In the past, appraisal work, including maintenance which means updating changes annually in the county, was done in-house from the tax assessor's office.
Some months ago Jimmy Slay told the board he didn't have the personnel to do it that way and wanted to bid out the work to private appraisal firms.
In October no bids were received. In December only one bid came in. It was $1.7 million and was rejected by the board. These still unsolved problems brought out this question by District 1 supervisor Eddie Harper.
"Is there anything at this point that we can be doing in Lauderdale County during the waiting process that will help the '05 maintenance work go faster?" Harper asked.
"And I appreciate that question, but Mr. Harper I'm going to be flat dead straight with you. I'm going to lay it on top of the table," said Slay. Do you think I'd be over there in that office if I could be doing something right now? Do you know the pressure that's going to be on me because we're going to have to delay this contract now? Do you think I wouldn't be doing something about it?"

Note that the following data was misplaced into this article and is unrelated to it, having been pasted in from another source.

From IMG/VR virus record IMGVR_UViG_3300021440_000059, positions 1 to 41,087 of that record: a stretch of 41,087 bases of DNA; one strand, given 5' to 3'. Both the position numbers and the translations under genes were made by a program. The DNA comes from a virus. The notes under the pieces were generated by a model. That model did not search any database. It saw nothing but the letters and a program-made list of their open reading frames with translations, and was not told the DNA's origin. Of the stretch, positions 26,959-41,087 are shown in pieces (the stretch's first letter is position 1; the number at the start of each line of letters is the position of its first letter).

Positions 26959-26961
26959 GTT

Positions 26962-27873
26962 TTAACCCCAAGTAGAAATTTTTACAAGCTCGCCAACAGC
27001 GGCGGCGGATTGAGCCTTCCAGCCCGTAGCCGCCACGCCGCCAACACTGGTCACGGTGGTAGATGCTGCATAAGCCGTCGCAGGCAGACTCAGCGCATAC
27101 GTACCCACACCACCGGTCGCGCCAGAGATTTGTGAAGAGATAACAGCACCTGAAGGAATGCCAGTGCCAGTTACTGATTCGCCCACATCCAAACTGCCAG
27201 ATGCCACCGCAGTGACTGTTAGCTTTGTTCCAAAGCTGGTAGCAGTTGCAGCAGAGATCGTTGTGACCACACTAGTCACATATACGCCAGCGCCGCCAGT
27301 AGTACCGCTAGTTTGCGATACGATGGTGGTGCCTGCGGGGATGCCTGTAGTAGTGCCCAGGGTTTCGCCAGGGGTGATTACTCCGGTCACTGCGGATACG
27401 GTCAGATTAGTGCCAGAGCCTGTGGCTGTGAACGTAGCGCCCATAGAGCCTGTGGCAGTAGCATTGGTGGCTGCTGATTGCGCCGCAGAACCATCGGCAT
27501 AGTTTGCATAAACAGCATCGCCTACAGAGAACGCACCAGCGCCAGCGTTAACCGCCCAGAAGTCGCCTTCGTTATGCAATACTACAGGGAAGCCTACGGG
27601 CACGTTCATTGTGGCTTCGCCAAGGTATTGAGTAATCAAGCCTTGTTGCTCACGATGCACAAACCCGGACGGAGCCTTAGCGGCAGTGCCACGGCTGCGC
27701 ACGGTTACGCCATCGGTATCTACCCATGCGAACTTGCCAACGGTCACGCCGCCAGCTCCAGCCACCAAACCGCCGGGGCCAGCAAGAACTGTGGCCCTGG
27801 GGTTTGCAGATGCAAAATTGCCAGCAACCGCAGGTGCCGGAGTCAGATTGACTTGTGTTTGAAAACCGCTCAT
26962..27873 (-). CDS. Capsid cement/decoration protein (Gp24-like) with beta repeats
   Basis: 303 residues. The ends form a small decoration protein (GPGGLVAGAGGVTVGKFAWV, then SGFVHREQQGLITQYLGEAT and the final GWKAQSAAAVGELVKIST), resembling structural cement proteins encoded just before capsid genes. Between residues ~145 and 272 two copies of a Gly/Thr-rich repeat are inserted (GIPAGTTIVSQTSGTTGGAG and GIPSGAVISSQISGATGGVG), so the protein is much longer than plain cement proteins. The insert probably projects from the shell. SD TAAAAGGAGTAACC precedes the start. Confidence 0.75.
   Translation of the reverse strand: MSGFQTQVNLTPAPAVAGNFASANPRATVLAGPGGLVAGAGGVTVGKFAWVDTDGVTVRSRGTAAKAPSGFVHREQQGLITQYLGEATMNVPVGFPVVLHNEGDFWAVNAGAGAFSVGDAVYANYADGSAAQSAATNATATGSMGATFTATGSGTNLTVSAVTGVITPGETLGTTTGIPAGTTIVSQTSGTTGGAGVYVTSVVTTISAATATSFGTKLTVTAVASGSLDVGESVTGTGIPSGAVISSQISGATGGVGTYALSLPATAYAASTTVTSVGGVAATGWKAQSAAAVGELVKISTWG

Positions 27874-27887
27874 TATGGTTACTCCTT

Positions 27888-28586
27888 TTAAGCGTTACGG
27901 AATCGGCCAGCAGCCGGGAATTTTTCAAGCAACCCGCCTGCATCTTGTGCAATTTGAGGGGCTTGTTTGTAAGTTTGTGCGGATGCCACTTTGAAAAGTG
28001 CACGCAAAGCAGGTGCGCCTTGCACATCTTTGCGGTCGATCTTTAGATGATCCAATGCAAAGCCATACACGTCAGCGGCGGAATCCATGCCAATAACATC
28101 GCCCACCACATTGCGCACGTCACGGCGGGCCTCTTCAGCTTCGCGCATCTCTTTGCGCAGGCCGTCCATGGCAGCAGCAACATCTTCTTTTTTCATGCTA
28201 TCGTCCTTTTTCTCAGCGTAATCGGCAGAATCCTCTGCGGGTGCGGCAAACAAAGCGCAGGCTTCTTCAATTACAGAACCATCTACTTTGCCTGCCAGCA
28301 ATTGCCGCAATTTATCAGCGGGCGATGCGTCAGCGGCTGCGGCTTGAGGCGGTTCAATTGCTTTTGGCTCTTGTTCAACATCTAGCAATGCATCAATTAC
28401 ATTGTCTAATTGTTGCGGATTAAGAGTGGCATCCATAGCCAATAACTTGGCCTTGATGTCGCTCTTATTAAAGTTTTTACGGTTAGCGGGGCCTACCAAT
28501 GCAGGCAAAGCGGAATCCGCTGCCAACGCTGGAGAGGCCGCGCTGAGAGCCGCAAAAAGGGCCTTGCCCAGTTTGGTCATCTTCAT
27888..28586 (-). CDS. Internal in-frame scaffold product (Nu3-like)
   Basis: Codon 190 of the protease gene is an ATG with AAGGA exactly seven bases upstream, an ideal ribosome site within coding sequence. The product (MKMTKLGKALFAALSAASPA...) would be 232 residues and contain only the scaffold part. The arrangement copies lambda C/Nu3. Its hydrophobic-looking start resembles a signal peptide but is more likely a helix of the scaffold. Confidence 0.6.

Board attorney Rick Barry attempted to quiet the very troubled waters.
"Previous boards never had that problem," said board attorney Rick Barry. "They've always had in-house appraisals that took care of the maintenance problem. Now we're going outside and doing our appraisal of personal property and real property. Last year was the first we had to do that on maintenance was it not? Previous tax assessors didn't have that problem with the board of supervisors."
The board then voted to re-advertise for bids and even contact some firms which might be interested. The work on next year's tax rolls must be completed by June 1, so time is quickly running out.